Dogs to the rescue: United Hatzalah's psychotrauma K-9 unit expands

The psychotrauma K-9 unit currently includes three dogs which are brought by their handlers to various emergency situations, including fires, serious car accidents and incidents of violence

By JERUSALEM POST STAFF
March 13, 2019 23:35
2 minute read.
United Hatzalah's Sylvia and Max Shulman psychotrauma K-9 unit

United Hatzalah's Sylvia and Max Shulman psychotrauma K-9 unit. (photo credit: UNITED HATZALAH‏)

 
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United Hatzalah's new psychotrauma K-9 unit recently got a boost from a dog-loving donor who appreciates the contributions dogs male to comforting trauma victims throughout Israel.

The six-month-old unit, now called the Sylvia and Max Shulman K-9 unit, received a generous donation in honor of Sylvia and Max, both dog-lovers themselves.

The psychotrauma K-9 unit currently includes three dogs which are brought by their handlers to various emergency situations, including fires, serious car accidents, sudden death, incidents of violence and searches for missing people.

“We look for the right type of situation where the dogs can add an extra level of care and treatment for the patients," said Pyschotrauma and Crisis Response Unit Director Avi Tennenbaum. "Not all segments of Israel’s population react well when animals are near, so we are very careful as to which calls we send our dog unit members to."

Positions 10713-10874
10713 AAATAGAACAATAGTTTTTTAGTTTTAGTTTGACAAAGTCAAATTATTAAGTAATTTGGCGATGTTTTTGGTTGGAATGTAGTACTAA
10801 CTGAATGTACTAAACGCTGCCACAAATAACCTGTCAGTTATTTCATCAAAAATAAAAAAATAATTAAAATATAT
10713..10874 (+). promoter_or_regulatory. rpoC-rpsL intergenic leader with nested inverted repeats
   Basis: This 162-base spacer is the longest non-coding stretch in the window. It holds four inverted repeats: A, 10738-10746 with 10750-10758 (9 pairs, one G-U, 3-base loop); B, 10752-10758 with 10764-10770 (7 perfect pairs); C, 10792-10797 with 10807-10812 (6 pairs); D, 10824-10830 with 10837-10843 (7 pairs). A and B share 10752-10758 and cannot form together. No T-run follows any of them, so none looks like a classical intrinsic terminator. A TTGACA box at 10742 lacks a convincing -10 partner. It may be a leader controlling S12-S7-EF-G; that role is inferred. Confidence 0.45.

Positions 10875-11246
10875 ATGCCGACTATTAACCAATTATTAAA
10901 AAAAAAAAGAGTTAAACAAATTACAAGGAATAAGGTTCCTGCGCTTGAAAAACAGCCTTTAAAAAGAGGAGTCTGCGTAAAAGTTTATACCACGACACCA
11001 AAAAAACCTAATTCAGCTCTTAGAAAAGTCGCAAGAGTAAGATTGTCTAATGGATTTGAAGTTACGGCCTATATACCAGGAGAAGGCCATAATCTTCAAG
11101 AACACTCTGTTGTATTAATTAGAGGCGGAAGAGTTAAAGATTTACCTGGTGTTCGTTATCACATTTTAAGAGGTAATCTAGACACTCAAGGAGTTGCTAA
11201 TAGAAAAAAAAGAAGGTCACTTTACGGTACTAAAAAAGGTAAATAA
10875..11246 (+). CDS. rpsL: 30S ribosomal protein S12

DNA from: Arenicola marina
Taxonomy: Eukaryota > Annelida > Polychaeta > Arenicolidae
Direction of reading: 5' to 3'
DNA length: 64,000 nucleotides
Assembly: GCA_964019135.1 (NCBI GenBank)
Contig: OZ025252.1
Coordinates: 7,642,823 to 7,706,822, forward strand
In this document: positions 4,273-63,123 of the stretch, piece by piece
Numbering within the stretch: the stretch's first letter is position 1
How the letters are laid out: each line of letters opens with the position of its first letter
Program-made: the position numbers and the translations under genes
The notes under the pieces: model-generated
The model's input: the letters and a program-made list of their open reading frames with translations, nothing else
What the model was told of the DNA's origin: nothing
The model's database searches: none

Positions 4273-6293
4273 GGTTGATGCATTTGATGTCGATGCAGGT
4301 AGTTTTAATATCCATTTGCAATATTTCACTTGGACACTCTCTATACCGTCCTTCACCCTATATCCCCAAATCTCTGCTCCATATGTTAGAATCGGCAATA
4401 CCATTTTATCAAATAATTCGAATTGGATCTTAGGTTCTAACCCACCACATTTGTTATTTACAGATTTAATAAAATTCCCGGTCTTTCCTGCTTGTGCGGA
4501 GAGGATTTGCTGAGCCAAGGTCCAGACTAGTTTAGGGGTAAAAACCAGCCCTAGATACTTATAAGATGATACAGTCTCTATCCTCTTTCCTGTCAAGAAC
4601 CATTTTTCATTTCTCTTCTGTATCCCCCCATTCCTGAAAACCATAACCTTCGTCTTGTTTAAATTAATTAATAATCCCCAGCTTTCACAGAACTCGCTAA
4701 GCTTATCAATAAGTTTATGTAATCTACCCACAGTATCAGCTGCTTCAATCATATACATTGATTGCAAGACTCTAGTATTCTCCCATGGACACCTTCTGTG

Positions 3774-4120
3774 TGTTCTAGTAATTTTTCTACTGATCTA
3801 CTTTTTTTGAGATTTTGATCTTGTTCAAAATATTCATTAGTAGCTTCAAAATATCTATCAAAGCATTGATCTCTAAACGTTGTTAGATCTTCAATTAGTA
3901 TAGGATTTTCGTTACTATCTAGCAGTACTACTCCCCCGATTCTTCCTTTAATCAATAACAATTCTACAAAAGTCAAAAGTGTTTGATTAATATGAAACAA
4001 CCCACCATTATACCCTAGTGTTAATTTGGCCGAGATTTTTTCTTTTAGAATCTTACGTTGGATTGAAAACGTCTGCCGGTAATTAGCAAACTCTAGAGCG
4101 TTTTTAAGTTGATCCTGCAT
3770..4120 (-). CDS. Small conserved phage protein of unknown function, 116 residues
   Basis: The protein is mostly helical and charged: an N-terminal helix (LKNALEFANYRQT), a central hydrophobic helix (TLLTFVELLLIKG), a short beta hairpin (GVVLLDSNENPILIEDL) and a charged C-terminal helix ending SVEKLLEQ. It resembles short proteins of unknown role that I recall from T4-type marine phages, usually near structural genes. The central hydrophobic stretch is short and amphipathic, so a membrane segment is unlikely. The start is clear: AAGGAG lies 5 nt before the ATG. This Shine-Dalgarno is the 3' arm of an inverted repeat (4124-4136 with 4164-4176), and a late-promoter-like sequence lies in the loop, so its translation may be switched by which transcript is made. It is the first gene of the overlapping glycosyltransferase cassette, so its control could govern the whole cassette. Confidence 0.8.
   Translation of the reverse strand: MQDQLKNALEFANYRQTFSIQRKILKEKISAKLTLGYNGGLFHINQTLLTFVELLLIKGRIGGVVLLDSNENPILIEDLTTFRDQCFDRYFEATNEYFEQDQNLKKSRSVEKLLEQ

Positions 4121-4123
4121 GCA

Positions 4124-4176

"Our aim is always to make the patient feel more comfortable and empower them," Tennenbaum added. "In most cases, the dogs help us do that. They are brought in to assist in an emergency to help patients calm down, recover and cope with the incident that they just experienced.”

The dogs and their handlers, usually their owners, undergo specialized training that enables the dogs to become therapy dogs. For one owner and handler, Batya Jaffe, who runs the K-9 unit, her course entailed an intensive three-year training course that enables her to train others to become therapy dogs and therapy dog handlers.

“One of the basic rules we learned in animal therapy is that animals don’t judge people. While some patients may be hesitant to talk with people, even therapists from our unit, that same hesitancy does not exist with Lucy, or with any of the dogs in our unit,” Jaffe said.

Over the next few months, the psychotrauma unit hopes to expand the number of dogs in service as well as the situations in which the dogs will be used.

“One area in which we believe the dogs will be very useful in the future is with situational debriefings of our own volunteer responders who suffer trauma from witnessing the medical emergency that they responded to," Tennenbaum said.

"EMS personnel are exposed to an incredible amount of trauma and one method we are employing to deal with that is by having debriefings. We believe that the dogs will be able to assist the first responders to process the incident that they just witnessed in a healthier manner.” 

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